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ORIGINAL ARTICLE
Year : 2017  |  Volume : 3  |  Issue : 2  |  Page : 60-66

Amputation Following Meningococcal Septicaemia in Children: the Surgical Management of the Residual Limb


1 Medical Student, University of Bristol, England, United Kingdom
2 Consultant Orthopaedic Surgeon, Bristol Royal Hospital for Children, Bristol, England, United Kingdom

Correspondence Address:
Fergal P Monsell
Bristol Royal Hospital for Children, Upper Maudlin St, Bristol BS2 8BJ, England
United Kingdom
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Source of Support: None, Conflict of Interest: None


DOI: 10.4103/pors.pors_9_17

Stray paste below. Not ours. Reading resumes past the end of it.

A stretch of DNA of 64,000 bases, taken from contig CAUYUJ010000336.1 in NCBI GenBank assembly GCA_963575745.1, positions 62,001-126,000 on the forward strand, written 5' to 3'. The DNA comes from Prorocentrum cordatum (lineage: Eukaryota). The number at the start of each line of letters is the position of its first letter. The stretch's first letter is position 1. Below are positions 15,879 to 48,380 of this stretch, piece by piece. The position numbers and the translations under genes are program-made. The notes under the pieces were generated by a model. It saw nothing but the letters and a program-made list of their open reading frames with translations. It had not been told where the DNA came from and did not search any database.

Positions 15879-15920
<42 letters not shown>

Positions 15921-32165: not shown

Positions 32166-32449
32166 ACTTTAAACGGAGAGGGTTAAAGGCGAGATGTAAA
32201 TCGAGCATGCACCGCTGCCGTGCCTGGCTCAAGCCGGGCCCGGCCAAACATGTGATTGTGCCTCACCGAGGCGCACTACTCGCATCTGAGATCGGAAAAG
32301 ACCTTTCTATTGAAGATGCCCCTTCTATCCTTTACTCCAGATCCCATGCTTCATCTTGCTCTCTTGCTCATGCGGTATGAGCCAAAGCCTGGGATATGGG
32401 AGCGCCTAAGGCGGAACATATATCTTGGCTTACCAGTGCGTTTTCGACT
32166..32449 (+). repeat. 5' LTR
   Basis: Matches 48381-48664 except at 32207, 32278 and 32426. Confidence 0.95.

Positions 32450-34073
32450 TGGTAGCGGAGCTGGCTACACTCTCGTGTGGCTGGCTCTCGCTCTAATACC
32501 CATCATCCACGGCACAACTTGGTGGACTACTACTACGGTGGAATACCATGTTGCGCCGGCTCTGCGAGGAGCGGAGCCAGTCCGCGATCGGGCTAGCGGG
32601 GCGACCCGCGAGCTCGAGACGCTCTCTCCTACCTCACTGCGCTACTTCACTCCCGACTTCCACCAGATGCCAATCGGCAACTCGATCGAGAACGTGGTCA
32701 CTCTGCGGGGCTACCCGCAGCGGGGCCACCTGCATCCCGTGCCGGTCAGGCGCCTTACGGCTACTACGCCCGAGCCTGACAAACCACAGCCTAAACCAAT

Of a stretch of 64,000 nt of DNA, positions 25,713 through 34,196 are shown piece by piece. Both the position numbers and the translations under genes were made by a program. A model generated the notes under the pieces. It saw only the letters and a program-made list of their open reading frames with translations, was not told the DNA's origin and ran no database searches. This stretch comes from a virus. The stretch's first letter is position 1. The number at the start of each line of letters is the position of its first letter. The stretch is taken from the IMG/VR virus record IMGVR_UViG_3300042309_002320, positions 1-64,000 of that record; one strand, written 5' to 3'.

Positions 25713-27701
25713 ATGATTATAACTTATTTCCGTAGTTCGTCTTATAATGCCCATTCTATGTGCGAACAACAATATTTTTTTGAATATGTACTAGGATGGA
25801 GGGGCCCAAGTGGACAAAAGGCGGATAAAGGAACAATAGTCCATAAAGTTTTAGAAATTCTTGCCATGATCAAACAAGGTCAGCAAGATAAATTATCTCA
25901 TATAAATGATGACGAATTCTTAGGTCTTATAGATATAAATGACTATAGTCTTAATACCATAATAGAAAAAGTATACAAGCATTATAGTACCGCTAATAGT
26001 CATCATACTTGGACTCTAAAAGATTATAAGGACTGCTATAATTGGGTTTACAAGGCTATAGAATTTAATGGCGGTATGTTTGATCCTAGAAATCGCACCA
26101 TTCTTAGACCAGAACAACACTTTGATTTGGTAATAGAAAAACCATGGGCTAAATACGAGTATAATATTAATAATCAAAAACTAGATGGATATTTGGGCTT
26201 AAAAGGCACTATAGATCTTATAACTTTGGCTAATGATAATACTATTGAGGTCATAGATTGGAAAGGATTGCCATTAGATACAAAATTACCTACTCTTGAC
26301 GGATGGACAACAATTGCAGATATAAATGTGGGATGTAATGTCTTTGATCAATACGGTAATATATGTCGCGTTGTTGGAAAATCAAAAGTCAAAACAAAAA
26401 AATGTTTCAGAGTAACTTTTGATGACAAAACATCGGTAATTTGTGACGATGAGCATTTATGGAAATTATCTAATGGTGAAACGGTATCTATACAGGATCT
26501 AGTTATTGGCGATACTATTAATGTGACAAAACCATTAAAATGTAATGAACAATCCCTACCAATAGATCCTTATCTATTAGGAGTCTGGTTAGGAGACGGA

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Background: Meningococcal septicaemia is a potentially life-threatening disease and remains the most common infective cause of mortality in the UK. Improvements in healthcare have led to early recognition and treatment, and a decrease in mortality. As more children now survive the initial acute illness, the long-term musculoskeletal consequences have become more prevalent. These include growth plate injury, tissue loss and amputation. Patients with limb loss present specific difficulties due to the effect of remaining longitudinal growth on the function of the residual limb, and often require surgical treatment that continues throughout childhood. Patients and Methods: This case series reviews the histories of 13 children who underwent amputation as a complication of meningococcal septicaemia. All patients attend a specialist clinic and our experience in the management of the residual limb is described. Results: Thirteen patients, with a mean age of 16 months at the onset of meningococcal septicaemia, required amputation in the management of the skeletal consequences of the infection. Revision surgery was necessary for all 13 patients and involved management of bone overgrowth, growth arrest, scar and soft tissue contracture, neuroma development, and infection. The details of our approach to each of these complications is described. Conclusion: Due to improvements in diagnosis and initial management, a significant proportion of patients are surviving infantile meningococcal septicaemia. Many develop musculoskeletal consequences including amputation, and this case series serves to increase knowledge in the complex managements of the residual limb in these patients.


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